16. 01. 2019
In last five to fifteen years, response diversity of wheat – an important sign of its resilience – has decreased significantly in most European countries. The loss of resilience occurs both in central European and northern European, as well as southern European countries. These findings, gathered with participation of Czech scientists, were published in the prestigious PNAS journal.
A group of European scientists, including Miroslav Trnka and Jan Balek from the Department of Climate Change Impacts on Agroecosystems at the Global Change Research Institute of the CAS, reached the conclusion that current breeding programs and cultivar selection practices do not provide wheat with sufficient resilience to climate change.
The scientists drew this assessment from many observations (in the order of thousands) of yield of wheat in nine European countries including the Czech Republic. On the basis of these observations they analysed how various cultivars react to weather. In wheat in fields they discovered different reactions to weather and proved their relation to climate resilience. Yield changes of all cultivars of wheat exposed to different weather conditions were similar in Northern and Central Europe, and in Southern Europe this was true especially in the case of durum wheat.
One variety is not enough
A serious problem throughout Europe, negatively affecting yields, is wheat’s low resilience to heavy rains. In general, however, it can be said that wheat yields can be severely damaged by rain, drought, heat, or cold in vulnerable phases of its vegetation cycle. Wheat yields are sensitive to even a few days of unfavourable weather conditions, including wet weather, which may cause proliferation of diseases. It also seems that drought limits the adaptation of wheat to climate change in Europe more than heat.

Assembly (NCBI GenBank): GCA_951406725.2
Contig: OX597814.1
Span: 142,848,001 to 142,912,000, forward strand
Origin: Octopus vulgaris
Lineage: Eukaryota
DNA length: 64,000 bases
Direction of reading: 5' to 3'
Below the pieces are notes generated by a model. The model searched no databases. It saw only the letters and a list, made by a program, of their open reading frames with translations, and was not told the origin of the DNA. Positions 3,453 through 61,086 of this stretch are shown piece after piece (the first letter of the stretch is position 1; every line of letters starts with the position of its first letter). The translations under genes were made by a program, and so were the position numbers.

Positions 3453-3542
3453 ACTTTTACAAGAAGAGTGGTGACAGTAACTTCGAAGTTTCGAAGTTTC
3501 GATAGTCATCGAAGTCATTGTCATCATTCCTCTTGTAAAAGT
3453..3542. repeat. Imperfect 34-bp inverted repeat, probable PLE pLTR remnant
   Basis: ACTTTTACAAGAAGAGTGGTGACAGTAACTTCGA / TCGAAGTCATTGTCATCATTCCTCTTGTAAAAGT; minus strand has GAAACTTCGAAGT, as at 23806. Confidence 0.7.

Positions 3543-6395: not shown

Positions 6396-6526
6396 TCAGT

The scientists predict that greater variability and extremes in local weather conditions will lead to decrease in wheat yields and their significant fluctuation. Lower yields may not directly cause a food crisis; they can, however, lead to speculations and increases of prices on the market with this strategic commodity. This could jeopardize continuing availability of food to poor people, which could, in turn, lead to political instability and migration.
The authors stress that the prevalent approach to adaptation of crops to climate change, based on adaptation of genotypes to the most probable long-term change, is most likely insufficient. The ability of a single variety to maintain good yields in climatic extremes is limited. Diversity of responses to critical meteorological events could, however, effectively increase the climate resilience.
The entire study, published at the end of the last year in the PNAS journal, is available here.
Prepared by: Milan Pohl, Department of Media Communication of the Head Office of the CAS, with use of a press release by the Global Change Research Institute of the CAS
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